Niagara Falls has frozen over, providing visitors with a rare opportunity to experience the famed tourist site in a new light – but it won’t be that way forever. Visitors wanting to catch a glimpse of the beautiful and bizarre winter phenomenon before the great thaw should head there soon but come prepared to battle subzero temperatures and crowds.

Niagara Falls, which straddles the U.S.-Canada border, is among the most visited tourist attractions in the world, drawing an estimated 22.5 million people to its majestic waters every year. This winter, tourists have flocked to the frozen falls for the second year in a row after a string of mild winters that failed to produce the awe-inspiring ice sheets, according to the Associated Press. "The snow-covered falls is getting a lot of attention, and we are seeing crowds in Niagara Falls State Park," said Michelle Blackley, communications manager for Niagara Falls.

But with temperatures falling well into the single digits on Friday, visiting the famed falls isn’t for the faint of heart. Those willing to brave arctic conditions should bundle up. Down jackets provide much-needed insulation and are easier to compress and layer. Insulated vests also work well underneath heavier outer coats, Lifehacker suggests. Wearing a pair of runners tights or long underwear can also help to keep the heat in.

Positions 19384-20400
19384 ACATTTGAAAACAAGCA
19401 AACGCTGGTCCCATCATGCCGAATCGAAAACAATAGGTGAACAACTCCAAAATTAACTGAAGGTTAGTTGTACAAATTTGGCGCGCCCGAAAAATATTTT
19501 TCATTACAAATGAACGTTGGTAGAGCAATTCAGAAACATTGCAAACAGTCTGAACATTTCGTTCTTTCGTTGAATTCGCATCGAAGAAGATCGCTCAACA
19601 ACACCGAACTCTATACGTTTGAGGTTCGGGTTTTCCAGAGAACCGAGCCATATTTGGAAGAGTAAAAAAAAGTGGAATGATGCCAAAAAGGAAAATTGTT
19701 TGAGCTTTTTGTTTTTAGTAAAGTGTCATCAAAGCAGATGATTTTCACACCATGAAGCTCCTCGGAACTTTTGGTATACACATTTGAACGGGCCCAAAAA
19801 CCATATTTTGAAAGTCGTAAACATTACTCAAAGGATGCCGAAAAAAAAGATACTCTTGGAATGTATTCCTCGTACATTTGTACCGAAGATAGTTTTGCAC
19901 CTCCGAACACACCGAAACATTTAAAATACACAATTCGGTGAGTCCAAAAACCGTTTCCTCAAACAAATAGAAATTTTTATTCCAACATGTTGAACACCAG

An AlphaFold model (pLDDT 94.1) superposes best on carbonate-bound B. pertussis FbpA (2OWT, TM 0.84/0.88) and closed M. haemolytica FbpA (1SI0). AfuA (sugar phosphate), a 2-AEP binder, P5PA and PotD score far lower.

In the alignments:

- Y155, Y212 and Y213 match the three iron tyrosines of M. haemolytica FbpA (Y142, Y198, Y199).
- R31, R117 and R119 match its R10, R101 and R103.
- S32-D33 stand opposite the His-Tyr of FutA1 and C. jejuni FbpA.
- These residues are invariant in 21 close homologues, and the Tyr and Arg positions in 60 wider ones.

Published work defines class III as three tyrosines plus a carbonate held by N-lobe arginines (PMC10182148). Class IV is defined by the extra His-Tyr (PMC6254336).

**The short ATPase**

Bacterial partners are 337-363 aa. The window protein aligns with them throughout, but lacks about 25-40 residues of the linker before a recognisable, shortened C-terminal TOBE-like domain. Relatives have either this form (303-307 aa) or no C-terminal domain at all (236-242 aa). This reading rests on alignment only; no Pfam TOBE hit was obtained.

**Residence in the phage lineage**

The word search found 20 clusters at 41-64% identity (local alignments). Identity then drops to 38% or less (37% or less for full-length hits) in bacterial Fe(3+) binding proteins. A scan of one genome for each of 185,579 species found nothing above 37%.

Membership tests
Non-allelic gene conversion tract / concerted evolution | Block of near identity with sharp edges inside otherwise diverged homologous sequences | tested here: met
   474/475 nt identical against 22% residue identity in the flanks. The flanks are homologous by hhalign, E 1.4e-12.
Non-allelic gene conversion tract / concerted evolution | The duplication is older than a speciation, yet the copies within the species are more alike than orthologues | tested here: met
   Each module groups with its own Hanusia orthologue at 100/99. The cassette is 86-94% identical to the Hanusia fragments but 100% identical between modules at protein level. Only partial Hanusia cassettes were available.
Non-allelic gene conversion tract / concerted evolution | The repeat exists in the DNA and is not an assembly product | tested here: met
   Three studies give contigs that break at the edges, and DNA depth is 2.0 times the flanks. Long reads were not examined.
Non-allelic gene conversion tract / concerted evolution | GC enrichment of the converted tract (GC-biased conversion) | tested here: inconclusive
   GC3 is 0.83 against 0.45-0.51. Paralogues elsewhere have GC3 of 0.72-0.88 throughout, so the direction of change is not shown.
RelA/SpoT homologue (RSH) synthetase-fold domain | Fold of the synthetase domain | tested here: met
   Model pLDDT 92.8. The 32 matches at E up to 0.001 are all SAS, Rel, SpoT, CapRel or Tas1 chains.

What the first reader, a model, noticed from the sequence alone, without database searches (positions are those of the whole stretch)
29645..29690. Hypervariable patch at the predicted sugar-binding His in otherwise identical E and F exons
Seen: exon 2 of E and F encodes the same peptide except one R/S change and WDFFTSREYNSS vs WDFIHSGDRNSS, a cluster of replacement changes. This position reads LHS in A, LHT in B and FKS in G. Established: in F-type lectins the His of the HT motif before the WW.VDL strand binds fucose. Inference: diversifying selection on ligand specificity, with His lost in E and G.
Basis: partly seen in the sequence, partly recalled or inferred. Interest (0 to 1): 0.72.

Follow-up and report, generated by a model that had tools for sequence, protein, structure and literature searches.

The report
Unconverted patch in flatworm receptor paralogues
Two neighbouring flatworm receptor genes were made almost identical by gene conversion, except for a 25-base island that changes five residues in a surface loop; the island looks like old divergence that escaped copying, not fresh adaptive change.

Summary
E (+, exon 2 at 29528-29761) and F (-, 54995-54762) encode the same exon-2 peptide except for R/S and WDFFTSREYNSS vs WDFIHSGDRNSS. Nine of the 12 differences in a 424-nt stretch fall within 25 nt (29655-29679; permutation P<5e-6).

Niagara Falls is accessible from many travel hubs on both the Canadian and U.S. sides and can be reached by car or through any one of the many local airports. Toronto’s Pearson International Airport is the closest Canadian airport to Niagara Falls and is served by all of the major European and North American airlines. Shuttles can transport fliers to the falls for between $89 and $222, depending on the number of people in the party, according to TripAdvisor. For visitors flying into New York, Buffalo Niagara International Airport is the easiest route, however with fewer major carriers and direct flights. Travelers getting to the falls by car should take the I-190 from Buffalo on the American side and the Queen Elizabeth Way on the Canadian side. 

A long-running debate has been waged between the U.S. and Canada over which side is best for viewing the falls. Generally, the Canadian side of the falls is better for photographing the falls, however tourists on the U.S. side can get much more up close and personal.

Tourists expecting to see the falls completely frozen over will be disappointed, however. That’s only happened once in the past 150 years, according to Fox8 Cleveland.